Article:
Over the last few years, there has been much debate regarding efforts in Connecticut to rethink how young adults should be treated in the realm of criminal law. Courts have long held that a person who is 18 years old or older should be fully responsible for his or her actions. Defendants under the age of 18 are typically granted considerations based on the idea that a minor’s brain is not yet fully developed.
In Connecticut, specifically, Governor Dannel P. Malloy has championed the idea of creating a separate court system for young adults up to age 23. Such a system would take able to take into account a defendant’s development and other factors when determining sentencing and the prospect of rehabilitation. Late last month, a ruling by a federal judge in Connecticut gave additional credibility to the concept of a young adult justice system by ordering a new sentencing hearing for a man convicted of committing murder at the age of 18.
A Violent History
The case in question involved a Bridgeport man, now age 42, who was convicted of two murders that he committed in May of 1994. At the time, the man was just 18 years and 20 weeks old. The young man was also a member of a street gang called the Latin Kings, and the murders were part of a “mission” assigned by gang leaders.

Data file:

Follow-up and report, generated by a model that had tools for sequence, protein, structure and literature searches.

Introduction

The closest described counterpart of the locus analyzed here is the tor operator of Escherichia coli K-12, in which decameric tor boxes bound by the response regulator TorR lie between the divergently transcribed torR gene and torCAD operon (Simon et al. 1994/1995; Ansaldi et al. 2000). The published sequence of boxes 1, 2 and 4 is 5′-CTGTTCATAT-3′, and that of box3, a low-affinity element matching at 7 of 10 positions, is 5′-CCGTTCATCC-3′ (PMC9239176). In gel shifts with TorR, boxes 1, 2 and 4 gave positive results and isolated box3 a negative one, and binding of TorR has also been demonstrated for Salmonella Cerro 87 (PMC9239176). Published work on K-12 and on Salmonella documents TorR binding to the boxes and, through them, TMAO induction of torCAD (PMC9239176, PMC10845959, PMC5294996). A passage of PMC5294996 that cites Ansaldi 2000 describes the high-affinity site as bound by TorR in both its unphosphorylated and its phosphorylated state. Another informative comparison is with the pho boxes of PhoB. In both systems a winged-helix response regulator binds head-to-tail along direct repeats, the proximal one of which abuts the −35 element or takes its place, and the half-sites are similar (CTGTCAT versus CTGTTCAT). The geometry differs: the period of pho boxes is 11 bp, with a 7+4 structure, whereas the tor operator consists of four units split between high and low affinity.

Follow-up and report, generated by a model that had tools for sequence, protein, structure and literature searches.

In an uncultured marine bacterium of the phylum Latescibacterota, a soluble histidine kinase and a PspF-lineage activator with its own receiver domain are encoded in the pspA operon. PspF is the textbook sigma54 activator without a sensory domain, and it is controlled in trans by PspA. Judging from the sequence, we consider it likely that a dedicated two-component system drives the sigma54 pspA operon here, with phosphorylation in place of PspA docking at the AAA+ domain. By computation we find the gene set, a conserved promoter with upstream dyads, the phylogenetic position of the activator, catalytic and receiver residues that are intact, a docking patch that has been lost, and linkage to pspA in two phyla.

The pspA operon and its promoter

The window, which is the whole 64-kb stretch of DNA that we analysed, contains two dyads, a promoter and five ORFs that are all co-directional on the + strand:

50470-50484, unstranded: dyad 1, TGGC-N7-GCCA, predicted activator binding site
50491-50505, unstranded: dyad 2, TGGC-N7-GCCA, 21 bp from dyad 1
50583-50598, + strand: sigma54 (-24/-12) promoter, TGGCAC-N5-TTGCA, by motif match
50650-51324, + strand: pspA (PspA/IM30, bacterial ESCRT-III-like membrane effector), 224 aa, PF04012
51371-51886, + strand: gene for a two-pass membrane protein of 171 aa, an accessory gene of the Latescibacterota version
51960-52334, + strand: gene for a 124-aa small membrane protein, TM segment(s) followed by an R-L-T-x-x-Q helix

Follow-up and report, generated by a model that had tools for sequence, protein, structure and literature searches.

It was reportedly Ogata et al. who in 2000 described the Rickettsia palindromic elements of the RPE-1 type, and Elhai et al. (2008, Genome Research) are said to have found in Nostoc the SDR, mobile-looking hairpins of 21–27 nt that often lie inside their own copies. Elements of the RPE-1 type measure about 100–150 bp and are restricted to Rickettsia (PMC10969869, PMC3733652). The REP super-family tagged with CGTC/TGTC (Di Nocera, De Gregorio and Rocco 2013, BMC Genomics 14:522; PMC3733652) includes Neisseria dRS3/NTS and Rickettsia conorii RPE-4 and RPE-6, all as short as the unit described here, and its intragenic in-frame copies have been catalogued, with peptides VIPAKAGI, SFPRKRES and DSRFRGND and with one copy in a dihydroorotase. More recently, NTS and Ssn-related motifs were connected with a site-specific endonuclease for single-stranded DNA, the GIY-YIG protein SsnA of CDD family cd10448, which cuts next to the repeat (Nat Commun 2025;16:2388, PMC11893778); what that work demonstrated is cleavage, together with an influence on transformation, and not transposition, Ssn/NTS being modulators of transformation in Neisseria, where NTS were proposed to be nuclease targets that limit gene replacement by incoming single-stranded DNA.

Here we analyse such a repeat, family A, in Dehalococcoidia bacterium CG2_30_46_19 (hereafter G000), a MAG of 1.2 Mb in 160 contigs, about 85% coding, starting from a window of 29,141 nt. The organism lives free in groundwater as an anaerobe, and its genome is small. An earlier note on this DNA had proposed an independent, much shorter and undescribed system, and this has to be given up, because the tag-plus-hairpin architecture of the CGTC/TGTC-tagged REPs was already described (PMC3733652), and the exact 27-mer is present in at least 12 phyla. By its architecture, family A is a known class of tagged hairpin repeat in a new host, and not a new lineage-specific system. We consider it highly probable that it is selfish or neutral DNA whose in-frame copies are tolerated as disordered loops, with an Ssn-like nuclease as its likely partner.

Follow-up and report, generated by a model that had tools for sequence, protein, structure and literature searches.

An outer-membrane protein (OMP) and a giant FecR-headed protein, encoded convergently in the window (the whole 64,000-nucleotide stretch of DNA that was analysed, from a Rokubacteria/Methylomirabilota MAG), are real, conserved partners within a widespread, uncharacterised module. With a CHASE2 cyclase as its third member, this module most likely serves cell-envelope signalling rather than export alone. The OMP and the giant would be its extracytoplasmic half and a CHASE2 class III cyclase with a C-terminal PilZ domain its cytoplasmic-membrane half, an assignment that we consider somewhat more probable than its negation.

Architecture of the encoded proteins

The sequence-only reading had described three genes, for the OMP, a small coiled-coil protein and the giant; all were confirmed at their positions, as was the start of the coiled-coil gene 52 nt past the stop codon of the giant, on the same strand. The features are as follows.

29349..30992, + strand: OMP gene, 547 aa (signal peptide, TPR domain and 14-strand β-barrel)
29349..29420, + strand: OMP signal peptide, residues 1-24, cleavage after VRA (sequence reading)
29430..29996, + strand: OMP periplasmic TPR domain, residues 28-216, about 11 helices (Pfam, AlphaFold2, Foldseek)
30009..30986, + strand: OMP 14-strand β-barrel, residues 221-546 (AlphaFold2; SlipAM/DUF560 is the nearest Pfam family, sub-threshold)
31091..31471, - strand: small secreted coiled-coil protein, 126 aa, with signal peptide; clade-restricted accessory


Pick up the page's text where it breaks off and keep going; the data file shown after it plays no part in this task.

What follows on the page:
Court documents indicate that the man had joined the Latin Kings when he was just 15. He testified that he had tried to leave the gang before the murders and that he believed that he would be killed himself if he had not carried out his mission. He was indicted by a grand jury in December of 1994 and was convicted in September of 1995 on three counts of Violent Crimes in Aid of Racketeering (VCAR), which included the two murders, and several other charges. He was sentenced to four concurrent terms of mandatory life without parole.
A New Look
In the years since his conviction and sentencing, the man has mounted numerous appeals. The most recent was heard by Chief U.S. District Judge Janet C. Hall. In her ruling, Judge Hall referred to a U.S. Supreme Court ruling in Miller v. Alabama from 2012 that required judges to consider a murder defendant’s age and other factors before sentencing them to life without parole. While Miller only applied to juvenile defendants, only one 18-year-old defendant has been sentenced life without parole in federal court since it was handed down.
Judge Hall ordered that the defendant be granted a new sentencing hearing, which could take place as early as June of this year. She determined that scientific evidence supports the idea that life sentences without parole should not be mandatory for “offenders who were 18 years old at the time of their crimes.” Her ruling held that an offender can be sentenced to life without parole, but such a sentence must take into account the defendant’s maturity and whether the sentence is truly appropriate.
If the ruling is appealed when the new sentence is handed down, it will be up to the U.S. Supreme Court to decide if it will take up the matter.
Contact Us for Help
When a young adult is charged with a crime, there are many factors for prosecutors and judges to consider. If you or a member of your family is facing criminal charges, an experienced Connecticut criminal defense attorney can help you understand all of your available options. Call 860-290-8690 to schedule a free, confidential consultation at Woolf Law Firm, LLC today.